Scripture readings: 1 Thessalonians 3:9-13
In the name of God, Father, Son and Holy Spirit, Amen.
In our culture, we expect this build-up to Christmas to be a busy time of preparation, a mad rush of shopping, preparing food, putting up decorations, getting ready for family visits, enjoying the office party and the works night out. And we clergy are as bad as everyone else, and everyone else knows it, which is why we are so often greeted with ‘This will be your busy time of year’.
For many folk, the pre-Christmas season is very enjoyable- choosing presents for loved ones, baking special Advent and Christmas food, putting up a Christmas tree, enjoying a works night out. But for some it is not so easy. For some people, this is the time they get into debt. There are parents worried about how they can afford to give children the Christmas they deserve. For those who are lonely, or anxious, or bereaved, this enforced jollity can be a bit much.
How many of us take seriously the idea that this should be a time to stop, to examine your soul, to confess your sins? Today, as I did last week, I’m wearing my purple stole, or preaching scarf. Purple is the colour for penitence, for in Church tradition, the season of Advent, the four Sundays before Christmas, is a penitential season. Just like the six weeks of Lent, on the run-up to Easter, Advent is supposed to be a time in which we prepare for the coming of Christ at Christmas by confessing our sins, by cleaning our souls, by subjecting ourselves to self-examination. Advent, taken seriously, is a very countercultural season.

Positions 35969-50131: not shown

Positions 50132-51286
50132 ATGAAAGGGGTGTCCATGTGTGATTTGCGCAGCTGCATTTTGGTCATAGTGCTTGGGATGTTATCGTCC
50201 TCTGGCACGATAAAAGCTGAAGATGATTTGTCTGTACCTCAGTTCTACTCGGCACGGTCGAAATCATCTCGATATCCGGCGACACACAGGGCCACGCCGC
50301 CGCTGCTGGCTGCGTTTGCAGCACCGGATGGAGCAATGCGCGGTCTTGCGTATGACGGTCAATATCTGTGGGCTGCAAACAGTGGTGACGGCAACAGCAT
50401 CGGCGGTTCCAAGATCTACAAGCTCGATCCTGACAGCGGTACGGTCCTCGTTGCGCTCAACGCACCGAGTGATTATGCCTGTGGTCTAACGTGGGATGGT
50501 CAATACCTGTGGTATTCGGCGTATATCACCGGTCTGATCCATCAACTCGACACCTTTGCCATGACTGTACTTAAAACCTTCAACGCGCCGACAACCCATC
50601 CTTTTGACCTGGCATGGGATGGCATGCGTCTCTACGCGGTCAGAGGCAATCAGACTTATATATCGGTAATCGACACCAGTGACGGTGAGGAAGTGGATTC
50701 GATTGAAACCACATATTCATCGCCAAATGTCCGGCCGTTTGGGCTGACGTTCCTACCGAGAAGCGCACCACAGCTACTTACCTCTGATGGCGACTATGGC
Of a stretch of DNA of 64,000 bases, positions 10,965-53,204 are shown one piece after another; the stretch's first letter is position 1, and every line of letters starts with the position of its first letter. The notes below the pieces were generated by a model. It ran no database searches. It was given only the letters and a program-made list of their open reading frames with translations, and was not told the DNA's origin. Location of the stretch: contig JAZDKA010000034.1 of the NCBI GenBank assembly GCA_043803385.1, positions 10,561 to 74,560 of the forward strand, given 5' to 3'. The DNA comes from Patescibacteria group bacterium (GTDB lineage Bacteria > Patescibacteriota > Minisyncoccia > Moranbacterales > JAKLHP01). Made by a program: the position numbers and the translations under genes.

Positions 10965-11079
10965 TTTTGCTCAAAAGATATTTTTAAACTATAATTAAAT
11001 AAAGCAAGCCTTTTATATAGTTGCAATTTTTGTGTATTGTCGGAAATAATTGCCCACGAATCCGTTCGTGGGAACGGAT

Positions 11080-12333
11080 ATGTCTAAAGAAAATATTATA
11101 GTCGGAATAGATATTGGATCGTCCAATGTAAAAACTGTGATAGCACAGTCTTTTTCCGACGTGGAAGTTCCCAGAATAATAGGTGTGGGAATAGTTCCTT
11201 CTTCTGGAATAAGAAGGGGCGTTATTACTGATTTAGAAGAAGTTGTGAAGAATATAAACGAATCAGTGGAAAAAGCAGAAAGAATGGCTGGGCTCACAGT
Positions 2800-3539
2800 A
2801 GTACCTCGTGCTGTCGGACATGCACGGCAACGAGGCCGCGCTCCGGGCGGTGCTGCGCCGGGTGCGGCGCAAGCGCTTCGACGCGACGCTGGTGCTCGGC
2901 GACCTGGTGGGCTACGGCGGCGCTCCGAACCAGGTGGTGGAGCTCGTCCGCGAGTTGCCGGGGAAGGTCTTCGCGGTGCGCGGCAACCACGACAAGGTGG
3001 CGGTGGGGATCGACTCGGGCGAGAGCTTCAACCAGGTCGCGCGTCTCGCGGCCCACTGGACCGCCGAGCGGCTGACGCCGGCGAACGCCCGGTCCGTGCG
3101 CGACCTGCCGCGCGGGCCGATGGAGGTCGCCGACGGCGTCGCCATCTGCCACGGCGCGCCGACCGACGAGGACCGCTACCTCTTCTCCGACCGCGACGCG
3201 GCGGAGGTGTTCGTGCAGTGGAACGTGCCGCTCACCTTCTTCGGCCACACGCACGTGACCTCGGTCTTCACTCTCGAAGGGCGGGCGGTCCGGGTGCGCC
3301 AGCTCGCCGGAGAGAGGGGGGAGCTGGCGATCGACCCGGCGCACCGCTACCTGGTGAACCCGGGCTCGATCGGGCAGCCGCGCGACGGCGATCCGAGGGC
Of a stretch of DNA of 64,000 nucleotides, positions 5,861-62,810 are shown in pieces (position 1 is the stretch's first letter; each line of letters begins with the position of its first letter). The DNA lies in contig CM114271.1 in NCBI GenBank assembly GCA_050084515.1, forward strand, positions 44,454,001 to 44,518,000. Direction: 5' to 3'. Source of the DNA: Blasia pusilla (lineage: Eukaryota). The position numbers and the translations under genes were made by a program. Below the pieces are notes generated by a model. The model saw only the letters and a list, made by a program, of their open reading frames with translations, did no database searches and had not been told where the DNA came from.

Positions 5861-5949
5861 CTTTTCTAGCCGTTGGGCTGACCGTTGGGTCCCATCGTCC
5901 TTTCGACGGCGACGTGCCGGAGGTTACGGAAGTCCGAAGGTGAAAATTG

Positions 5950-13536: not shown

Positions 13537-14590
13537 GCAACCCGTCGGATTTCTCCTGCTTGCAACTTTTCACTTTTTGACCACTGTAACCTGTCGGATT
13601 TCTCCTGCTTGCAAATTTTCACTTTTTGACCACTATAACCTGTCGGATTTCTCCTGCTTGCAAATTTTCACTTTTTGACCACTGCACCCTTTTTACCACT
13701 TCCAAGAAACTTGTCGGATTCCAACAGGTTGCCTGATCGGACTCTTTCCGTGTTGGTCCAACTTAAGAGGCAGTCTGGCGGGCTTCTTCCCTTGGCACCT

And just when we are beginning to think about the baby Jesus in the manger, today our Scripture readings hit a jarring note. Adult Jesus speaks of a time when strange things will happen in the sky, when countries will despair, and people will faint with fear. Then the Son of Man will appear, and we will face judgement, on what the people of Jesus’ day called ‘the Day of the Lord’. Advent Bible readings are often not exactly full of the joys of the season. Instead, Advent often reminds us of the vanity of all our human strivings, with all its talk of thedestruction of cities, and being prepared for the end.
The kind of language and imagery we find Jesus using in Luke chapter 21 what the Biblical scholars call apocalyptic. It was a genre of writing and a way of thinking which was very popular still in the time of Jesus, and so it found its way into the Gospels. This is the kind of thing you might associate with the Book of Revelation; but Jesus was also an apocalyptic preacher.
Apocalyptic deals with the end of the world as we know it. Apocalyptic is often full of death and destruction, and sometimes gruesome imageries. Apocalyptic often makes us uncomfortable. A few verses earlier than the passage we read, Luke’s Gospel says of the coming fall of Jerusalem: ‘How terrible it will be in those days for women who are pregnant and for mothers with little babies!’ What kind of God is this who will allow this to happen? What happened to Christ blessing the little children? Are passages like this really Christian?
Another problem is that this is the kind of Biblical literature which is most open toabuse by cranks, madmen and strange religious cults. There are those who believe fervently that in passages such as these the Bible give a timetable to the end of the world- and worryingly, they sometimes want to hurry things along. This is a serious political problem, for many supporters of the powerful ‘Christian Right’ lobby in America hold such beliefs. On the basis of their belief they give uncritical support to the state of Israel, whilst ignoring or even justifying the suffering of the Palestinian people (who are mostly Moslem but include many Christians). Those who look for historical timetables forget that Christ once said that only God the Father knew the hour for these things to happen (Mark 13.32).